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  • J. James Frost,

    1. From the Department of Psychiatry and Behavioral Sciences (EMW, GSW, CAM, MEM), The Johns Hopkins University School of Medicine, Baltimore, Maryland; Department of Medicine (GSW, MEM), The Johns Hopkins University School of Medicine, Baltimore, Maryland; Department of Neuroscience (JJF), The Johns Hopkins University School of Medicine, Baltimore, Maryland; and Department of Radiology (HK, RFD, JH, JJF), The Johns Hopkins University School of Medicine, Baltimore, Maryland; and Department of Neuroscience (JJF), The Johns Hopkins University School of Medicine, Baltimore, Maryland.
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  • Mary E. McCaul

    1. From the Department of Psychiatry and Behavioral Sciences (EMW, GSW, CAM, MEM), The Johns Hopkins University School of Medicine, Baltimore, Maryland; Department of Medicine (GSW, MEM), The Johns Hopkins University School of Medicine, Baltimore, Maryland; Department of Neuroscience (JJF), The Johns Hopkins University School of Medicine, Baltimore, Maryland; and Department of Radiology (HK, RFD, JH, JJF), The Johns Hopkins University School of Medicine, Baltimore, Maryland; and Department of Neuroscience (JJF), The Johns Hopkins University School of Medicine, Baltimore, Maryland.
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Reprint requests: Elise M. Weerts, PhD, Johns Hopkins Bayview, BBRC, 5510 Nathan Shock Dr., Suite 3000, Baltimore, MD 21224; Tel.: 410-550-2781; Fax: 410-550-2780; E-mail:eweerts@jhmi.edu

Abstract

Background:  The endogenous opioid system plays a significant role in alcohol dependence. The goal of the current study was to investigate regional brain mu-opioid receptor (MOR) and delta-opioid receptor (DOR) availability in recently abstinent alcohol-dependent and age-matched healthy control men and women with positron emission tomography (PET) imaging.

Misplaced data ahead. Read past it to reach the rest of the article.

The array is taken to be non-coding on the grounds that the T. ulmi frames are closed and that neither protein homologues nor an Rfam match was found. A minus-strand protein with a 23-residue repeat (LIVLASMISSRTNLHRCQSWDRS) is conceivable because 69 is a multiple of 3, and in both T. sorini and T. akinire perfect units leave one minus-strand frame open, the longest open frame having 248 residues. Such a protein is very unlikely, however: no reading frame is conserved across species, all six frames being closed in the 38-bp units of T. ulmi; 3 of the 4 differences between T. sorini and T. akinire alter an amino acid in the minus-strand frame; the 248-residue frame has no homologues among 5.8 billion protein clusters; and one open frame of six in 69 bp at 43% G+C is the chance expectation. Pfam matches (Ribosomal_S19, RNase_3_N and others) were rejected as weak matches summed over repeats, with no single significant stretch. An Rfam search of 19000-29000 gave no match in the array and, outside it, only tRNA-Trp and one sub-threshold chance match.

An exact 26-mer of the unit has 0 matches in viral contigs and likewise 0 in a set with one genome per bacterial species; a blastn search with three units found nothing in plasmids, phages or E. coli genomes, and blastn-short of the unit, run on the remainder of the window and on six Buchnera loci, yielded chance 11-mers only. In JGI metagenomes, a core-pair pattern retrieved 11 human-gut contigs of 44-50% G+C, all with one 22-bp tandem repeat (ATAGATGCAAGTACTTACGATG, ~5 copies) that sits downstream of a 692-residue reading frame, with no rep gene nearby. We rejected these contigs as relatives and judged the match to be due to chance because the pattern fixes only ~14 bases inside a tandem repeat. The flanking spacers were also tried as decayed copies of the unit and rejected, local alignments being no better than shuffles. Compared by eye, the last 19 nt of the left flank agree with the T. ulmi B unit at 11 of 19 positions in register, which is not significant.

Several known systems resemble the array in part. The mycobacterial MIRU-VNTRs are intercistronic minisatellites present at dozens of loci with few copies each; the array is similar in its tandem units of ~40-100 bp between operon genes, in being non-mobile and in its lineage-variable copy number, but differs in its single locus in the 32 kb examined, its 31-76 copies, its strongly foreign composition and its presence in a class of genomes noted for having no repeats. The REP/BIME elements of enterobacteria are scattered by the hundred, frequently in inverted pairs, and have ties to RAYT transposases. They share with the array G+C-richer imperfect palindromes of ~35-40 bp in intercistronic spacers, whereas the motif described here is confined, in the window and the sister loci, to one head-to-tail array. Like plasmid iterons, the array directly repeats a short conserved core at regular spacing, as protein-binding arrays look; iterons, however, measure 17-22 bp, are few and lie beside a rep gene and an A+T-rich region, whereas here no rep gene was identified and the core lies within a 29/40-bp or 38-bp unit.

Methods:  Alcohol-dependent subjects completed an inpatient protocol, which included medically supervised withdrawal and PET imaging on day 5 of abstinence. Control subjects completed PET imaging following an overnight stay. PET scans with the MOR-selective ligand [11C]carfentanil (CFN) were completed in 25 alcohol-dependent and 30 control subjects. Most of these same subjects (20 alcohol-dependent subjects and 18 controls) also completed PET scans with the DOR-selective ligand [11C]methylnaltrindole (MeNTL).

Results:  Volumes of interest and statistical parametric mapping analyses indicated that alcohol-dependent subjects had significantly higher [11C]CFN binding potential (BPND) than healthy controls in multiple brain regions including the ventral striatum when adjusting for age, gender, and smoking status. There was an inverse relationship between [11C]CFN BPND and craving in several brain regions in alcohol-dependent subjects. Groups did not differ in [11C]MeNTL BPND; however, [11C]MeNTL BPND in caudate was positively correlated with recent alcohol drinking in alcohol-dependent subjects.

Conclusions:  Our observation of higher [11C]CFN BPND in alcohol-dependent subjects can result from up-regulation of MOR and/or reduction in endogenous opioid peptides following long-term alcohol consumption, dependence, and/or withdrawal. Alternatively, the higher [11C]CFN BPND in alcohol-dependent subjects may be an etiological difference that predisposed these individuals to alcohol dependence or may have developed as a result of increased exposure to childhood adversity, stress, and other environmental factors known to increase MOR. Although the direction of group differences in [11C]MeNTL BPND was similar in many brain regions, differences did not achieve statistical significance, perhaps as a result of our limited sample size. Additional research is needed to further clarify these relationships. The finding that alcohol-dependent subjects had higher [11C]CFN BPND is consistent with a prominent role of the MOR in alcohol dependence.